The most common system ofsizing in the United States is the American System, in which we have 3 full sizes for every inch and, therefore, 1/3 inch difference between full sizes. It also means a 1/6 inch difference between half sizes. Remember that these are last/shoe size graduations and would be standard for each size made on a particular last. However, they are not standardized from last to last, shoe style to shoe style, or manufacturer to manufacturer.
The other sizing system you will encounter most frequently is the French or European system, Dr. Marten’s work boots and shoes use this type of sizing. The French system’s increments are 2/3 centimeter to each size. This equals about 4 sizes to an inch. With the smaller increments to each size, the need for half sizes is virtually eliminated, which simplifies the process offitting. Often, with shoes sized according to the French system, there is limited width selection, and most often only one width is available. In addition, the sizes do not have genders. The size is based on the length ofthe foot, which is another step in simplifying the fitting process and drastically reducing the inventory.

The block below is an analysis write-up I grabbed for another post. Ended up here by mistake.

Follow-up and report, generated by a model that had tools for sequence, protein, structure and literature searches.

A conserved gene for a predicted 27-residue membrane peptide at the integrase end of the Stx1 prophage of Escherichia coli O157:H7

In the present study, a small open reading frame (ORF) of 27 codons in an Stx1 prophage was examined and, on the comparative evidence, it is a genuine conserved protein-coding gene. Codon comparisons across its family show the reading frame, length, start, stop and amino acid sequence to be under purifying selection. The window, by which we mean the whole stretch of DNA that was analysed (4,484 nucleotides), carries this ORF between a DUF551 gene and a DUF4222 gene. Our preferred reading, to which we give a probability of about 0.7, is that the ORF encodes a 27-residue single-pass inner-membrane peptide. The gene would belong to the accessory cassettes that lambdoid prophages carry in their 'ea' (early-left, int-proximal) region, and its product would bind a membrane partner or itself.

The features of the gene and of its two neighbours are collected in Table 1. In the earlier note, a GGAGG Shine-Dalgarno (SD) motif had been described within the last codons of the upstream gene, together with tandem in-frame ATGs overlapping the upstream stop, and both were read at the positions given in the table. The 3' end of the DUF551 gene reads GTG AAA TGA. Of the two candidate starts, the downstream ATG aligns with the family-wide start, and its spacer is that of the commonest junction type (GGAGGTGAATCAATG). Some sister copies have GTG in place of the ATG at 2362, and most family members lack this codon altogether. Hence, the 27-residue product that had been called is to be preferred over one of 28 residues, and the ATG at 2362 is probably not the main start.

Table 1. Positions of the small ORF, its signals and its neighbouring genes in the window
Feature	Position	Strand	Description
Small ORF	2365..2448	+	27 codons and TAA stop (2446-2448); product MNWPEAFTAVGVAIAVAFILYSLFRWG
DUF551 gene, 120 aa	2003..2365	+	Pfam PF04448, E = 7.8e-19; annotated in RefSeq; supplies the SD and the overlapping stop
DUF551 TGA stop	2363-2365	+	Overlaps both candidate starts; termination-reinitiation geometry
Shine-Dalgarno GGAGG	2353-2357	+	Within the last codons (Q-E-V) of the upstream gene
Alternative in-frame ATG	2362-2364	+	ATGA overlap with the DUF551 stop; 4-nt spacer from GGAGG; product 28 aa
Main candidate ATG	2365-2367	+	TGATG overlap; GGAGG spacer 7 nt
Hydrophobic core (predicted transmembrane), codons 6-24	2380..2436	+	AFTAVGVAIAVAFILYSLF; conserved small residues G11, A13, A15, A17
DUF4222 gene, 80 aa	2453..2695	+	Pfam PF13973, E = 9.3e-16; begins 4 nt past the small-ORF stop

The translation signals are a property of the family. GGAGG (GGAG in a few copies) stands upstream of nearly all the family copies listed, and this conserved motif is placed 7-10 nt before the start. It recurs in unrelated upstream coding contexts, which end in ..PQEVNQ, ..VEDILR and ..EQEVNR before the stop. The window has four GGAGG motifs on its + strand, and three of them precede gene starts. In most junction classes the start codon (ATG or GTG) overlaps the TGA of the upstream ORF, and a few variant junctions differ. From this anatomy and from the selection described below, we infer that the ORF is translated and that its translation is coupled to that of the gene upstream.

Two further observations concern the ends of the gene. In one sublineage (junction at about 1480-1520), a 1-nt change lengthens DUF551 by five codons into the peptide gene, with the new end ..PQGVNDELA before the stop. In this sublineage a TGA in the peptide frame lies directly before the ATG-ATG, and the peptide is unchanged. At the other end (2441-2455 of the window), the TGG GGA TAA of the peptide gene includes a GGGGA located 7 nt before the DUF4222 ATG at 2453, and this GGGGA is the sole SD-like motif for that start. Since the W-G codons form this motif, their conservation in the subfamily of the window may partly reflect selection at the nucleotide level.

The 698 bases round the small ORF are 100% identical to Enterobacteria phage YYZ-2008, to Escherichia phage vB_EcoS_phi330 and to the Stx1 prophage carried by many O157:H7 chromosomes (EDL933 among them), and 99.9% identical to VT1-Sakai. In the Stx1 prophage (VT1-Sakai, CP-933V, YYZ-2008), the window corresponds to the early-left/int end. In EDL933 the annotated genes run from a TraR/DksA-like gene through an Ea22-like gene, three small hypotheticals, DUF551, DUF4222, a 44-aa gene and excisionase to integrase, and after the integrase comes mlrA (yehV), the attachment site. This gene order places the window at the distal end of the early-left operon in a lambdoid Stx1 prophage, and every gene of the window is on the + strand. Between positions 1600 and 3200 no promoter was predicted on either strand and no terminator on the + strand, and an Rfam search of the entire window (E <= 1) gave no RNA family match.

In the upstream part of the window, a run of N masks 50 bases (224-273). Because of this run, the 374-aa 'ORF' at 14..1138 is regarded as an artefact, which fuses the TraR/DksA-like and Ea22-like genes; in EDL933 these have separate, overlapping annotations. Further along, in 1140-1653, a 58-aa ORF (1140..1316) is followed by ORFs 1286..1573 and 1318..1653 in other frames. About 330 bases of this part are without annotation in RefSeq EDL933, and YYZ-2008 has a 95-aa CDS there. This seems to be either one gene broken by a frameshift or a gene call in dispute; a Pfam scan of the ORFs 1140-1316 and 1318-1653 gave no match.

There is, however, a trade-off for the simplification. The precise fit discussed in this course is much harder to accomplish. The French or European system of sizing has a special place with comfort shoes and sandals.
While we would be lost trying to fit shoes without size numbers and letters in the shoes and on measuring devices, the numbers are just a guide. With no industry or government standards, the shoe size markings only really pertain to the particular last or shoe style you are working with at a particular moment. But that’s important because now you understand what’s happening to proportions as you choose length and width. You will be better able to explain why you are trying different shoe sizes on your customer. It will help you overcome your customer’s preconceived idea of one correct shoe size for his/her foot.
Having a hard time understanding the various parts of your footwear? Learn more about The Anatomy of Footwear or the Construction of Footwear through WorkingPerson.me.